If you’ve been paying keen attention, you’ve probably realized that the common batteries on our market are AA, AAA, C, and D. In that case, you might wonder why there is no B battery! In reality, there are B batteries, but they have been disappearing, particularly in the U.S. This is one of life’s trifling secrecies that comes into your mind for a split second, and then you forget and continue with your life.
What Is a B Battery Size?
There are different types of batteries with different shapes, sizes, voltages, and capacities. The B battery comprises any single-cell category that offers the plate a positive charge to discharge electrons from its filament. The b battery is also called LR12. It’s uncommonly utilized on its own as it works among a group of other batteries. They work together with A and C cells to power vacuum tubes, where A heats the filament, B for grid voltage, and C for plate voltage. Generally, B batteries are shipped with no electrodes; hence they require servicing before charging.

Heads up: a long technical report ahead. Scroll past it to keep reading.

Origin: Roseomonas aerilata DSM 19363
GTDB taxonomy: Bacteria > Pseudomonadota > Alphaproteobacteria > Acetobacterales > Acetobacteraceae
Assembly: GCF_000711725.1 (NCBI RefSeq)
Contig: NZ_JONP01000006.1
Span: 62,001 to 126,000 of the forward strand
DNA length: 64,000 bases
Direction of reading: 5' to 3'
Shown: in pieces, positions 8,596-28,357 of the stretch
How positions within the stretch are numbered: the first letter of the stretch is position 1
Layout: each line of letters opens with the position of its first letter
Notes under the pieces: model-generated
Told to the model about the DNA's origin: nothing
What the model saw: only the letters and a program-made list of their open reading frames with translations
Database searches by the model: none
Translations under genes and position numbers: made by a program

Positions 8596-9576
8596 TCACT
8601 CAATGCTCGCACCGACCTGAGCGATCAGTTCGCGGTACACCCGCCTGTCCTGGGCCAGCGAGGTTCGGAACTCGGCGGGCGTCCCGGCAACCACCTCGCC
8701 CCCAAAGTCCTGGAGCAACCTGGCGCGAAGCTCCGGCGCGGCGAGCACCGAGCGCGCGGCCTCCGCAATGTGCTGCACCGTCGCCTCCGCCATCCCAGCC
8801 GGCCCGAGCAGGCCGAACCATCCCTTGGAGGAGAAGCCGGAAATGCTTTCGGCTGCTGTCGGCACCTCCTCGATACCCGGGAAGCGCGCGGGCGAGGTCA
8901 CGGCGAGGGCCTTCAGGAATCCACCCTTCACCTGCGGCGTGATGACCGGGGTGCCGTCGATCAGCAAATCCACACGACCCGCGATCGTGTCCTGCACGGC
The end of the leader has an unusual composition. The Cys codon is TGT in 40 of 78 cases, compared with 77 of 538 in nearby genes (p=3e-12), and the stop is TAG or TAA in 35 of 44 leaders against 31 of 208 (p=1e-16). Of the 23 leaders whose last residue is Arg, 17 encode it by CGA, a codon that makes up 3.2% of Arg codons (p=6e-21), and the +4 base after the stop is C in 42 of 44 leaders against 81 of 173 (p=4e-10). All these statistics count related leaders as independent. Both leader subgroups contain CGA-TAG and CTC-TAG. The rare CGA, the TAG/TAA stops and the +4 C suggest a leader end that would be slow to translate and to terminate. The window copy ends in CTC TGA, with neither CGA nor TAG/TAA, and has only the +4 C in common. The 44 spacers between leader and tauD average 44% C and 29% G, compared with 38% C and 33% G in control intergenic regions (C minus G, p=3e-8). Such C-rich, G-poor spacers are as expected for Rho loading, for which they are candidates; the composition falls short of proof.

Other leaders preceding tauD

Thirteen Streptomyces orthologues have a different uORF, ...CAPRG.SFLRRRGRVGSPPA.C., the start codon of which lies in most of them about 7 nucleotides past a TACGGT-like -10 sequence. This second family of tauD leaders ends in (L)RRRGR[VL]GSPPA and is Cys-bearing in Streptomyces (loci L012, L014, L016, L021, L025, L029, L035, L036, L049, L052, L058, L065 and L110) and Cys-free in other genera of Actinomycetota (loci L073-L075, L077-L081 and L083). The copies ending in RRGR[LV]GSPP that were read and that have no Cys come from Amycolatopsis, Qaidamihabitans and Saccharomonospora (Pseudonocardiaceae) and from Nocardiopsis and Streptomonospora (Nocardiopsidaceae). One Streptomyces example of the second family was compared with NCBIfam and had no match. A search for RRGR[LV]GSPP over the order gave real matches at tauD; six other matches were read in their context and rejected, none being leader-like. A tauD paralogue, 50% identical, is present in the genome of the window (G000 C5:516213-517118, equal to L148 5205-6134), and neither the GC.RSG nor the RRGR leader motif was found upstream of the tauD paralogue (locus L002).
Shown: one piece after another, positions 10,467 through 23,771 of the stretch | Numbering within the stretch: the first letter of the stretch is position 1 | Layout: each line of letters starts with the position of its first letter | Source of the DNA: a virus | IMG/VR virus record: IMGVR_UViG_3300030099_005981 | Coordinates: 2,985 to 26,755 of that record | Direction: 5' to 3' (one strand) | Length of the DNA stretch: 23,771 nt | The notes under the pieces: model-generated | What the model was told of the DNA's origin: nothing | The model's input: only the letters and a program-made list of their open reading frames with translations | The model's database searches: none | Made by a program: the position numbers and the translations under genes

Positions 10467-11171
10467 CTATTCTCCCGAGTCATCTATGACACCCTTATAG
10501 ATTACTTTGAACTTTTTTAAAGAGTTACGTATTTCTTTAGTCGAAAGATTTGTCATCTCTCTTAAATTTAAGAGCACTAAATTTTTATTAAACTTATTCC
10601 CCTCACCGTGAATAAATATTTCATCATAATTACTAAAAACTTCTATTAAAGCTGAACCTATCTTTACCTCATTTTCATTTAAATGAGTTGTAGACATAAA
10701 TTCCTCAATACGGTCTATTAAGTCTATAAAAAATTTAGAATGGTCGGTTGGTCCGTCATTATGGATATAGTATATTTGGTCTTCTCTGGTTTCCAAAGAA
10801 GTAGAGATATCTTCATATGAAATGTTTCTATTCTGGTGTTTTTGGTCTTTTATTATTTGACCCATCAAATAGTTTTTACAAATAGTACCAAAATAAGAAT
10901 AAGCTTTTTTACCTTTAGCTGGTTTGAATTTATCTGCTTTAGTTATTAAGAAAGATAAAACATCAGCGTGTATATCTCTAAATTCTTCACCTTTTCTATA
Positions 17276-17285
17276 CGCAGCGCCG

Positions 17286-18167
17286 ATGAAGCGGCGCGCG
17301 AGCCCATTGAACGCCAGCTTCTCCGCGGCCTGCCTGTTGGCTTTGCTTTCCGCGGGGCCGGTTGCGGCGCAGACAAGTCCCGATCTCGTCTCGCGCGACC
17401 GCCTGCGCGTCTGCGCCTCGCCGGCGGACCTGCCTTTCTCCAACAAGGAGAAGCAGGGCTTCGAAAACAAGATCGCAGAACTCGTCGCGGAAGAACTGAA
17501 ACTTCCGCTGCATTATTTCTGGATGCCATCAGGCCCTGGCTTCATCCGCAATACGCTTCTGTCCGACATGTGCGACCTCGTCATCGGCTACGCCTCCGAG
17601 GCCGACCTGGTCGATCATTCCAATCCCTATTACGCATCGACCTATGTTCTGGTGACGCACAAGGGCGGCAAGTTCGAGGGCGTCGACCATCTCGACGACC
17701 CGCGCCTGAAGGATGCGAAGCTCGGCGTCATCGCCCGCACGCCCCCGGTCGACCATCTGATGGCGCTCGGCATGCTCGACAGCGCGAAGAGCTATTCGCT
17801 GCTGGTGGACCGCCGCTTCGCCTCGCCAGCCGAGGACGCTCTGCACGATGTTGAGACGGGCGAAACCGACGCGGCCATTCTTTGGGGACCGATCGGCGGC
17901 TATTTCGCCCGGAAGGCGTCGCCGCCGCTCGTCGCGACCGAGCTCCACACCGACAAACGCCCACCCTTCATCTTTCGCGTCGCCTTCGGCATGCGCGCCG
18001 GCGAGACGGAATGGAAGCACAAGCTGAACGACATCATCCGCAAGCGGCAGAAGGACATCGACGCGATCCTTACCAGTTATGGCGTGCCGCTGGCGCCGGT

The B battery was produced and packed with 2.36 by 0.8464 inches (60mm by 21.5mm), giving 8350 mAh for alkaline models. They were high-voltage cells used in old tube-powered radios. The B-size batteries come in various sizes and shapes and measure 45-90 volts.
Europeans still use this type of battery in things such as flashlights or lanterns. But it’s not the norm for other parts of the world.
What’s the Origin of B batteries